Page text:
Thursday, September 21, 2006

Only I can be me

About five years ago I was at a gallery reception for a show of some of my oil pastels. The gallery director introduced me to a regular client who was intrigued with my style and my working methods. After exchanging some pleasantries, the gentleman started to ask me some questions about my techniques. He seemed a bit surprised when I started to give him some detailed information about my materials and techniques.

After we chatted for about 20 minutes he asked me if I wasn’t afraid that someone else would be able to copy my work. It was a very flattering question but I told him that I didn’t see that as a problem. I told him that I didn’t think that anyone else could be me, or even want to be me. I had learned a long time ago that you can teach someone materials and techniques but you can never teach anyone to be an artist.

When I taught I did not hesitate to show students exactly how I achieved my results. I would bring in my own supplies and paint along with the students giving constant demonstrations. It was not my techniques, or color choices, or subject matter that made my work unique or my own, it was me. To quote Eileen Clegg, “When you begin to act on your creativity, what you find inside may be more valuable than what you produce for the external world.” There is uniqueness to every artist, to every person.

When I showed my methods to students and watched them try to duplicate it I always got a smile on my face. As they tried to use my tools I could see their creativity begin to slowly open up. Each person was creating a variation on the methods. This was not because they were trying to vary it but because they were bringing who and what they were to the methods. They were finding how these tools worked best for them and creating a variation that worked best for each one of them.

No one can really duplicate the path that my life has taken. Even if someone else experiences the same things that have shaped my life we will each see it in a different way. Where I may be fearful, another may be excited. I may be passionate while another is indifferent. As all of my experiences shape my life they also shape my art. So when I try on the colors, or styles of other artists I usually find out much. What I usually find out is what doesn’t work for me. When I do find something that does work then I also find that I have to modify it to make it work for my particular needs, hopes, and desires.

It also causes me to look deeper into myself as an artist and a person. I wonder about what drew me to the elements of another artist. I wonder why when I try to duplicate it that it may not work all that well for me. The colors, the shapes, the compositions may not be the right fit. Sometimes when I try these things on and look in the mirror I find I just don’t like the way it looks on me. This leads me to discover just a little bit more of who I am.

These two pieces are both oil pastel on panel. They are titled, "Strong Sunlight", measuring 15" X 15" and "Little Red Barn", measuring 8" X 10".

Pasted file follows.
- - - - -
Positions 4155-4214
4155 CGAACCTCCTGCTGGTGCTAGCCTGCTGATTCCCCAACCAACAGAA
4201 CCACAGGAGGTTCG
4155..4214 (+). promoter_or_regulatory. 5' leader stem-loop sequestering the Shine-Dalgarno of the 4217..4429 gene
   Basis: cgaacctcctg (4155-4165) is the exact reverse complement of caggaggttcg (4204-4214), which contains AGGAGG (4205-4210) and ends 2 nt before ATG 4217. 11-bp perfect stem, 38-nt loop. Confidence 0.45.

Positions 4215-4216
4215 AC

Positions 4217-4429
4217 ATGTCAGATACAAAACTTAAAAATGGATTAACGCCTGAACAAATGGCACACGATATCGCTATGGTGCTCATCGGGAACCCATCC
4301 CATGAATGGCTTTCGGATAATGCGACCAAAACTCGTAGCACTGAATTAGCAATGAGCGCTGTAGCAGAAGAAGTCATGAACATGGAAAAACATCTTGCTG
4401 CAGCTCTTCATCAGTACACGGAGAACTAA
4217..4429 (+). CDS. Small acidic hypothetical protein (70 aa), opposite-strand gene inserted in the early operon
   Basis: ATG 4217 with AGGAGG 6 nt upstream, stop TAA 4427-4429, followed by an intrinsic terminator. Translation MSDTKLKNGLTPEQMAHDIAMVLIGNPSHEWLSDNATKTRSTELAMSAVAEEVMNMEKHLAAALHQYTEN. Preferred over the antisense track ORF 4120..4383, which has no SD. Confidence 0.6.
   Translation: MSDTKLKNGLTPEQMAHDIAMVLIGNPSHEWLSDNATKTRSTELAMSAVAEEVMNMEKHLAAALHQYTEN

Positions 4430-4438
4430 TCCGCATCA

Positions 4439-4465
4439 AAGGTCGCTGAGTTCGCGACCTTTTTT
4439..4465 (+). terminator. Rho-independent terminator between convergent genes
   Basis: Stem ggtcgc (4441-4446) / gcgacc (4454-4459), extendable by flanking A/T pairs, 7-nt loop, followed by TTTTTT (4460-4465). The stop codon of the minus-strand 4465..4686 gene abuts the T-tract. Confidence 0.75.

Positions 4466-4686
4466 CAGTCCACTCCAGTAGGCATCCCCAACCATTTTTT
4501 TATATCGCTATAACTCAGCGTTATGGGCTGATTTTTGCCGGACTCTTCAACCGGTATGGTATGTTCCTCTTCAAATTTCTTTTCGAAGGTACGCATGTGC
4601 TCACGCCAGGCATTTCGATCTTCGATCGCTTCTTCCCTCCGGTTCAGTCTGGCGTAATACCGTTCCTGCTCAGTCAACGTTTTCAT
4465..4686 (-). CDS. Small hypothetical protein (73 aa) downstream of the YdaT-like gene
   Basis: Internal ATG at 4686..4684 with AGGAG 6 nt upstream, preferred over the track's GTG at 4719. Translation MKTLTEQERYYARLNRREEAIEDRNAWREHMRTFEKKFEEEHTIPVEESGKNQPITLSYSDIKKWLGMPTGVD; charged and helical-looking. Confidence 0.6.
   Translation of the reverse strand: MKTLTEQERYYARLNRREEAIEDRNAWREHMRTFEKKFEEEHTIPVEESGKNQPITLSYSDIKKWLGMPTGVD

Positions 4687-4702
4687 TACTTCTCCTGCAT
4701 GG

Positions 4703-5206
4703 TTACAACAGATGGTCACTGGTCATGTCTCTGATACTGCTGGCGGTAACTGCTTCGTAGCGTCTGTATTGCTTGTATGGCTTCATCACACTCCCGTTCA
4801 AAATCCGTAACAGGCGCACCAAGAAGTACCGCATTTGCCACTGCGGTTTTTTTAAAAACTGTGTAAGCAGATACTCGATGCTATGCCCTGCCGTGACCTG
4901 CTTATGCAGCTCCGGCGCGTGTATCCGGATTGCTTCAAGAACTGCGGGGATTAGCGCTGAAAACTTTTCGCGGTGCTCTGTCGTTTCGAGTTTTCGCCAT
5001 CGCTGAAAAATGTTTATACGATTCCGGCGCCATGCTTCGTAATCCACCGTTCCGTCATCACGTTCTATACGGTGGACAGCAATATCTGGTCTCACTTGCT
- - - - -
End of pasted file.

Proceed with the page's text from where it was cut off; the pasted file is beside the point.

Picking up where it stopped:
Blogger The Epiphany Artist said...

And they are gorgeous! and you are right - Only you can be you!

10:49 PM  
Blogger amber said...

Ed glad to read I've been waiting for your words of wisdom
You are sooo right & thank goodness there is only one of all of us

10:33 PM  
Blogger Lori Witzel said...

Ed, I'm glad to read this really interesting post. And of course I love love love your ramped-up luminous sparkin' colors.

Now, just to mix it up a bit...I often stop and ask, "So, Who is Me?"

Yep, a little jokey/silly, but also worth consideration.

After all, if all the cells in this body burst in and out of existence like mayflies (as they do)...and if the emotional landscape, the filter through which one processes one's experience, is more like tide than land (as it is, for almost all I think)...and if my thinking, my imagination, rests and arises from that gorgeous ephemera...

...then "Who is Me?"

Or maybe the right way to put it is "how did this, that seems to be a Me, come to be?"

You are absolutely right about same tools, same stimuli, same setting and yet still different output.

And that's one reason to create -- to discover the core, the essence, that may be the signal light within the ephemera.

Anyway, happy equinox (isn't it tomorrow?)

12:04 AM  
Blogger AngelaFerreira said...

I like them, and I really like your explanation.
Pastels, like oils are a medium that takes experience and practice to achieve good results.
I remember when I started to use both of them I would be left dirty all over but now I can use them and keep most of my clothes spotless clean. I don’t worry about this things anyway, I just notice them.
You seem to achieve with very nice colors and composition a clean and simple aesthetic value to your paintings. Very interesting!
Recently I gave my first lecture in a school and I understood totally some things you have described. I have notice some students would copy my own demonstration drawings than make their own drawings from observation.
Whichever way works for you is the best way to learn.

5:49 AM  
Blogger Globetrotter said...

So very, very true. What an artist puts on the canvas is a like a little tiny mirror of who he is, what he has felt, and the paths that life has taken him down. I had a wonderful teacher who's style I once wanted to copy. In the end I could not, any more than she could copy me. The tough part is accepting who you are and what you create and feeling satisfied with it.

8:44 AM  
Blogger Lesly said...

As usual a very interesting and thought-provoking post, Ed.

And if I am really a distillation of all the other "me's" that I have met, admired, learned from, etc, then no-one can be me .... But Me. That is sort of comforting!

And i love these two paintings.

1:33 AM  
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1:48 AM  

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